Monthly Market Review – October 2020VIEW PDF
How the different asset classes have fared: (As at 31 October 2020)
The Australian share market performed strongly over October with the S&P/ASX All Ordinaries returning 2.08%, as COVID-19 cases remained low. The end of October saw Victoria’s relaxing of its lockdown restrictions. Data in Australian remained mix. Just over 50% of the jobs and hours cut in April/May have recovered, the remainder is expected to take significantly longer to recover. While new home sales strengthened in September due to HomeBuilder and other incentives.
Global markets were highly volatile in October. Two topics dominated markets over October: rising COVID-19 cases across Europe and the US and the absence of a pre-election fiscal stimulus. October started off strongly as most major indices were up but due to the increasing uncertainties, European and US indices sold off late in the month, giving up all gains and ending negative.
The S&P 500 ended October down -2.7%, as the markets dealt with the rising number of cases in COVID-19, particularly in the mid-west together with the ambiguity regarding a clear presidential winner. European stocks suffered considerably, with the Euro Stoxx 50 down -7.4% for the month, as all major economies reported new highs in inflection rates. Governments across Europe have imposed varying levels of containment measures, which is expected to prevent any near-term recovery. Fortunately, even with higher infection rates, death rates have remained low across Europe and the US due to better testing and treatments.
Asia was the standout region, in particular, China. The MSCI China A International USD returned 3.5% in October, as economic activity in China rebounded strongly. Chinese exports strengthened in September, imports rebounded, and credit growth accelerated.
The two topics that dominated October headlines will continue to substantially impact global markets. The results of the November election will remain in focus, as the outcome will affect the level of fiscal stimulus. While the ability of developing governments to curb infection rates will affect their ability to have a swifter recovery.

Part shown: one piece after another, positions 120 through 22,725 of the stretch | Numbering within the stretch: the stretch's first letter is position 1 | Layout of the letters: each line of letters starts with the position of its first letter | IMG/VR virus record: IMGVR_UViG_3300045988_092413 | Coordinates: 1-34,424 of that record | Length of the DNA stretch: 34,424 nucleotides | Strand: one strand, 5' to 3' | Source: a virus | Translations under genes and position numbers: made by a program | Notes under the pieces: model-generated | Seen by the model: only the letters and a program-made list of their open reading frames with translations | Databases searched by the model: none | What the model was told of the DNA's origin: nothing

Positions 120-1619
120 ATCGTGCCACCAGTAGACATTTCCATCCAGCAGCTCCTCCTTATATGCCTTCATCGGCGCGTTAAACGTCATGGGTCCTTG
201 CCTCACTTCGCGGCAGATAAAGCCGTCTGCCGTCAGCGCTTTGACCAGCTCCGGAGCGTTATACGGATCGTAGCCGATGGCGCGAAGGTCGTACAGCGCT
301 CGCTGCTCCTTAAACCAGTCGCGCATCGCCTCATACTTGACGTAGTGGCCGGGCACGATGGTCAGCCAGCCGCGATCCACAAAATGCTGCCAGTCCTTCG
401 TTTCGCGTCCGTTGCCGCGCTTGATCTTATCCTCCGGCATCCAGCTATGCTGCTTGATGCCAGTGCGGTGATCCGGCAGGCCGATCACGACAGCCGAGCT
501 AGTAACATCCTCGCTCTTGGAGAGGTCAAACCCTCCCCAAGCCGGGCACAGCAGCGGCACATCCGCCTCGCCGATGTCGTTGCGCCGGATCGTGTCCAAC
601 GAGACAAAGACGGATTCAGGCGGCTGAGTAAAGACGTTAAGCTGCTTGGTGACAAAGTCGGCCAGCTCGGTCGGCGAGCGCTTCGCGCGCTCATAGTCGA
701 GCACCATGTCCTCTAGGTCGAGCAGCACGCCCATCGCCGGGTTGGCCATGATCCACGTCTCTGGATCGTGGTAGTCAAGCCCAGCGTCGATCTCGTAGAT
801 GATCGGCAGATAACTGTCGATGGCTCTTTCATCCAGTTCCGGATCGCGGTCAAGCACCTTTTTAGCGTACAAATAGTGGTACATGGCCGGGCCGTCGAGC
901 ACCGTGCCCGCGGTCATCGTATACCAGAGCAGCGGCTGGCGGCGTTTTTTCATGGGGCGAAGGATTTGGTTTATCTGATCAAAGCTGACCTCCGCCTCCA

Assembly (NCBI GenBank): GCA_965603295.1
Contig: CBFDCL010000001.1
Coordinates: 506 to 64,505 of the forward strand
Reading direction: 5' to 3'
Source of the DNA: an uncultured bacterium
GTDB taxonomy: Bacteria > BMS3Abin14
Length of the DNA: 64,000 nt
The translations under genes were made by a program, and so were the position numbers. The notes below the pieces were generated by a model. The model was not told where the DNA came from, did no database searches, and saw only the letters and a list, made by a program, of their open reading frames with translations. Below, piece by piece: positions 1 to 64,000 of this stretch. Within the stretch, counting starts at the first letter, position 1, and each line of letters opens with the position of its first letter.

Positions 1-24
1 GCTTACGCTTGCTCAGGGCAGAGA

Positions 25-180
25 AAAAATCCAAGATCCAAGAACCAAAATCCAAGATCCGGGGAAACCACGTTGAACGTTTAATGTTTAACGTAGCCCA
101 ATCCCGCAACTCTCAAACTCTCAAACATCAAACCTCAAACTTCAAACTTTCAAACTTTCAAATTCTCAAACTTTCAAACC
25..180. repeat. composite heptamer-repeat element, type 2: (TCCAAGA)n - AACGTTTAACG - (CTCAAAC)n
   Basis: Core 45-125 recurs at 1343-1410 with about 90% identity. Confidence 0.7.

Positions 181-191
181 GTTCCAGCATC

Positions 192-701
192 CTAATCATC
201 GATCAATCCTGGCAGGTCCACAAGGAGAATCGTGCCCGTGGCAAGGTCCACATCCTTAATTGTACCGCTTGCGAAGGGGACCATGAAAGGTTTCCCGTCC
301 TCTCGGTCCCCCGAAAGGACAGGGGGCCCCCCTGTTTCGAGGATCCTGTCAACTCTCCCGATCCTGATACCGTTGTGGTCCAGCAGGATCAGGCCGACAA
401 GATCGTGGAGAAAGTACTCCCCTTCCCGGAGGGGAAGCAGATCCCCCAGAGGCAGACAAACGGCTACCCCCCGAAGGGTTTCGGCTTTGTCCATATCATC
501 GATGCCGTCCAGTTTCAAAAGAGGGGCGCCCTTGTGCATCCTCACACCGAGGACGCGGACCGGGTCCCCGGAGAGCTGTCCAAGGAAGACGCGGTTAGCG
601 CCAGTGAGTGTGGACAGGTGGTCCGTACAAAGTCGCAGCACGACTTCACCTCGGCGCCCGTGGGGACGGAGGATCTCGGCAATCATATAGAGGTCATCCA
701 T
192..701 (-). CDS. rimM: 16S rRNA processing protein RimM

The information contained in this material is current as at date of publication unless otherwise specified and is provided by ClearView Financial Advice Pty Ltd ABN 89 133 593 012, AFS Licence No. 331367 (ClearView) and Matrix Planning Solutions Limited ABN 45 087 470 200, AFS Licence No. 238 256 (Matrix). Any advice contained in this material is general advice only and has been prepared without taking account of any person’s objectives, financial situation or needs. Before acting on any such information, a person should consider its appropriateness, having regard to their objectives, financial situation and needs. In preparing this material, ClearView and Matrix have relied on publicly available information and sources believed to be reliable. Except as otherwise stated, the information has not been independently verified by ClearView or Matrix. While due care and attention has been exercised in the preparation of the material, ClearView and Matrix give no representation, warranty (express or implied) as to the accuracy, completeness or reliability of the information. The information in this document is also not intended to be a complete statement or summary of the industry, markets, securities or developments referred to in the material. Any opinions expressed in this material, including as to future matters, may be subject to change. Opinions as to future matters are predictive in nature and may be affected by inaccurate assumptions or by known or unknown risks and uncertainties and may differ materially from results ultimately achieved. Past performance is not an indicator of future performance.